Yvette Nicole Brown doggedly loves ‘Chicken Squad’

Rick's Reviews

Yvette Nicole Brown is the voice of canne mentor Captain Tully in “The Chicken Squad.” (Photo courtesy of Disney)

(KGET) — The casting of Yvette Nicole Brown to be the voice of the canine character Captain Tully in the new Disney Junior animated comedy-adventure series “The Chicken Squad” would suggest her career has gone to the dogs. The reality is the actress, singer and television host gladly has seen her career go to the dogs over the years.

She was the voice of multiple characters in the animated “Pound Puppies” and “Puppy Dog Pals.” And, Brown shares her home with her adopted dog Harley, who starred with her in the live-action version of “Lady and the Tramp.”

 “I am such a dog lover, there is really no other place to be,” Brown says.

 “The Chicken Squad” – scheduled to launch at 7:30 p.m. May 14 on Disney Junior – is inspired by Doreen Cronin’s popular children’s books. The series features a trio of young chicken siblings — Coop (Ramone Hamilton), Sweetie (Gabriella Graves) and Little Boo (Maxwell Simkins) — being mentored by Captain Tully (Brown), a retired search and rescue dog.  The trio must team up on problem-solving adventures in their backyard to help their animal friends – often with a song in their heart.

Each episode is made up of two 11-minute stories that features the recurring “Chicken Charge” anthem that the chickens sing upon determination of a new mission and at least one new original song that showcases a variety of musical styles ranging from pop and R&B to country, hip-hop and electronic.

Brown’s love of canines and voice work made it easy for Brown to agree to be part of “The Chicken Squad.” It was also nice that the job came during the pandemic and she was able to keep working in a safe manner.

“The voice work I ever did was ‘Pound Puppies’ and I think I was trying to be a little too method,” Brown says. “The whole point is we are people playing dogs and so we embody them the way a human would do it. So, my ‘woofs’ and my darks are always the way I think a human would do sounding like a dog.

“You don’t have to get into the mindset of a dog because a dog is just love.”

The approach Brown used with voicing Captain Tully came out of numerous jobs aimed at young audience members. Her tone is to make sure that those viewers never feel yelled at, talked down to or threatened.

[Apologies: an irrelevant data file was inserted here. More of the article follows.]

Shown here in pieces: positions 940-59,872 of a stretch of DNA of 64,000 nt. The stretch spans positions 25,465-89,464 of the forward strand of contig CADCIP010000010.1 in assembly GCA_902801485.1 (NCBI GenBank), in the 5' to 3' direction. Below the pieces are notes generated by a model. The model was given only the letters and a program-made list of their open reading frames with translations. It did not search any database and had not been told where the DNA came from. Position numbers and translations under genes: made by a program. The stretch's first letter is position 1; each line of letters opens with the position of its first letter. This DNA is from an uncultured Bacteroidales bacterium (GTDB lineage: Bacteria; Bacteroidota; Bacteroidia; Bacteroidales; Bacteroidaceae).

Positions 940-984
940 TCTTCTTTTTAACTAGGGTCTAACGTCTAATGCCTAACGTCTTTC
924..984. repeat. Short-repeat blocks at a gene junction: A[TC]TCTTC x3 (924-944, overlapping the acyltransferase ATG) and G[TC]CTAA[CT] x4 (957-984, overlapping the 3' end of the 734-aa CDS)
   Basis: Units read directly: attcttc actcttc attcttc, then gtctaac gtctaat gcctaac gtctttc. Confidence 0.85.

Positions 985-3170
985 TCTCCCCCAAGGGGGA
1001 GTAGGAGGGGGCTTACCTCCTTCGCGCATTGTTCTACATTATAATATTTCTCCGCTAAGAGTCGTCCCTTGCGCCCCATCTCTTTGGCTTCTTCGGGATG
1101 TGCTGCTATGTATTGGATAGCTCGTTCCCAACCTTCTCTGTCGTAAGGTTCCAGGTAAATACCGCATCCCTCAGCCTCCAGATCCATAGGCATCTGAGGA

Even when Captain Tully is upset or concerned, Brown makes sure the sound of her voice gets across a very loving and caring tone. She wants the young viewers to always feel the love from the character.

Brown currently is not only working on “The Chicken Squad” but she also has a role on the Disney+ series “Big Shot.” She plays the headmistress of the high school that hired a shamed college basketball coach (John Stamos) to be the head of the girls’ basketball team.

The series has Brown returning to an educational setting after her long run on the comedy “Community.” She is enjoying her return to that environment.

“I am so used to hallways on sets with lockers and bookbags and, you know, different, you know, parties and dances and all of that.  So it kind of feels like home,” Brown says. “It’s kind of fun this time to be the dean and to be the one that’s in control and keeping everything together.”

Brown calls it a blessing to do so many Disney projects because her criteria for selecting work over the years has been to make it safe for those eight to 80. In the case of “The Chicken Squad” she hits an even younger audience.

The Cleveland native has been doing family-friendly work since she started her entertainment career as a recording artist while still in her teens. She quickly made the move to TV with roles on “Community,” “The Mayor,” “Drake & Josh,” “The Odd Couple,” “Mom,” “Psych,” “House,” “Entourage,” “The Office,” “Curb Your Enthusiasm,” “Two and a Half Men,” “Malcolm in the Middle” and “That ’70s Show.”

She’s had a long career as a voice actor before “The Chicken Squad” with “Elena of Avalor,” “DC Super Hero Girls,” “SuperMansion” and “Lego Star Wars: The Freemaker Adventures.”

The big difference between the on-camera and voice-over work is that generally recording sessions are done by the actor working alone. That became even more the case during the pandemic.

Brown has never had a problem working on her own.

“It’s not hard for me because I’m an introvert and a self-starter,” Brown says. “I started as a singer so I think of comedy and acting as music. I can hear the music whether I have accompaniment or not.

“The reason I like when I record by myself is because I can record a whole episode in 15 minutes. Whereas when you are working with other people you have to wait until they say their line. For efficiency’s sake, I love recording by myself. But nothing can capture the magic of a bunch of silly people together and that’s what ‘Community’ was.”

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